"Don't let me use my boxing on you" was not a true threat, harassment dismissed
[Defendant Benjamin Tackie ("Defendant") stands charged with aggravated harassment in the second degree, Penal Law §240.30(1)(a), and harassment in the second degree, id. §240.26(1). He moves to dismiss both charges for facial insufficiency, pursuant to C.P.L. §170.30(1)(a), 170.35(1)(a), and 100.40(1), and for other alternative relief.]
Defendant stated to the complainant (the one who got him arrested) "Don't let me use my boxing on you" and the Court finds that this does not constitute a true threat, incitement, obsenity, fraud, child pornography, defamation or statements integral to criminal conduct. Simply put, the Court found that this statement alone does not rise to the level of a true or genuine threat.
Rule [facial insufficiency]: To be facially sufficient, the factual allegations of an accusatory instrument must provide reasonable cause to believe that the defendant committed the charges asserted therein. C.P.L. §100.40(1)(b). The accusatory instrument must include non-hearsay allegations of fact that, if true, establish "every element of the offense charged and the defendant's commission thereof." Id. §100.40(1)(c). Generally, a deficiency as to the factual allegations supporting the elements of the crime entitles a defendant to dismissal on the ground that the information is defective. Id. §§170.30(1)(a); 170.35(1)(a). But "[s]o long as the factual allegations of an information give an accused notice sufficient to prepare a defense and are adequately detailed to prevent a defendant from being tried twice for the same offense, they should be given a fair and not overly restrictive or technical reading." People v. Casey, 95 NY2d 354, 360 (2000).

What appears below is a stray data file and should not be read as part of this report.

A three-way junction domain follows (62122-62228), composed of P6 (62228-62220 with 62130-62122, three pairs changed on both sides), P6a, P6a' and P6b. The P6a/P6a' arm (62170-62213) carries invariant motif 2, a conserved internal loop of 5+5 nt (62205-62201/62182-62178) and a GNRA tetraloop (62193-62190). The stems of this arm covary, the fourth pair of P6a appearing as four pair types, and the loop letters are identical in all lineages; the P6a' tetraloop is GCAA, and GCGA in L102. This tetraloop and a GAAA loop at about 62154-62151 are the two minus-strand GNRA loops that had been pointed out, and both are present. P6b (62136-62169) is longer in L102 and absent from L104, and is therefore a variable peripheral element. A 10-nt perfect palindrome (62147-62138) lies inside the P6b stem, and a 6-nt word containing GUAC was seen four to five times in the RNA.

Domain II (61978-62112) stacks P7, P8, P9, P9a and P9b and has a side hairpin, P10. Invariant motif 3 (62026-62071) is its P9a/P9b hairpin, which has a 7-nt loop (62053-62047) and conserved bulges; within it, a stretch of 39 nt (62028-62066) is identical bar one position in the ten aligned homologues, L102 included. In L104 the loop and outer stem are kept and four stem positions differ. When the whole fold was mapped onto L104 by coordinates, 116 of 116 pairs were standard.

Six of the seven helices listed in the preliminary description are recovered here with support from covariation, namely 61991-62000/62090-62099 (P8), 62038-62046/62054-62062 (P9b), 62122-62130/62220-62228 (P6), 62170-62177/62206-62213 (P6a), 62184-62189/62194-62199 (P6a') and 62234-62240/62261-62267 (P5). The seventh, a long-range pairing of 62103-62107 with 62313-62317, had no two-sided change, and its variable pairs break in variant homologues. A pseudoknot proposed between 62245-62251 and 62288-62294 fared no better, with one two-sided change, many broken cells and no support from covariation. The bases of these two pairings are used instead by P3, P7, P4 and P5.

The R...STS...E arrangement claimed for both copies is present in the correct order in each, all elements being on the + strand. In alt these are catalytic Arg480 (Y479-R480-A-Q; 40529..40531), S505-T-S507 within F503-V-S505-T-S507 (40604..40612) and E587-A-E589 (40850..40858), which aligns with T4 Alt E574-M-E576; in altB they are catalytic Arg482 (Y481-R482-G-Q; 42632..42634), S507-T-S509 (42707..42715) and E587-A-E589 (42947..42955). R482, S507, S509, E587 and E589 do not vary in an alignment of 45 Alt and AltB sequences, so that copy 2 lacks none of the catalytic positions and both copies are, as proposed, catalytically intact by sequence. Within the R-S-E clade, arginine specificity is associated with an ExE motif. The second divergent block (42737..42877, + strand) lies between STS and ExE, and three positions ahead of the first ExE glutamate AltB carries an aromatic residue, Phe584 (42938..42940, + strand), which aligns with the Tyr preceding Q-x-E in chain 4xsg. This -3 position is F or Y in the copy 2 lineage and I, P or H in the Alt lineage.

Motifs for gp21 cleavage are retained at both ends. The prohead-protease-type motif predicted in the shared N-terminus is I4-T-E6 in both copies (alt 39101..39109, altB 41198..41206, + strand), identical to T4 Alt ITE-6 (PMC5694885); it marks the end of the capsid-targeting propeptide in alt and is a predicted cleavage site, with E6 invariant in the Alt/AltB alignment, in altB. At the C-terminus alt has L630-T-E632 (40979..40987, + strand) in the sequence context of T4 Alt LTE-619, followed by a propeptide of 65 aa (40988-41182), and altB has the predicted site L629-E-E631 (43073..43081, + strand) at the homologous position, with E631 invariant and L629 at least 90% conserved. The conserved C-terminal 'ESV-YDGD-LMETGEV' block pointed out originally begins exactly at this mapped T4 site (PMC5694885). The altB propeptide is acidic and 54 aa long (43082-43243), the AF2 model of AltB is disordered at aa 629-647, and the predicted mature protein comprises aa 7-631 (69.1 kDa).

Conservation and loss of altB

Harassment: [The Court of Appeals recently reiterated that "prohibitions of pure speech must be limited to communications that qualify as fighting words, true threats, incitement, obscenity, child pornography, fraud, defamation or statements integral to criminal conduct." People v. Marquan M., 24 NY3d 1, 7 (2014) (citing United States v. Alvarez, 567 S. Ct. 2537, 2544 (2012); Brown v. Entertainment Merchants Ass'n, 131 S. Ct 2729, 2733 (2011); People v. Dietze, 75 NY2d 47, 52 (1989)).]
Accordingly, The Case was Dismissed.
The case is The People v. Tackie, 2014BX049086, NYLJ 1202719133780, at *1 (Crim., BX, Decided February 10, 2015).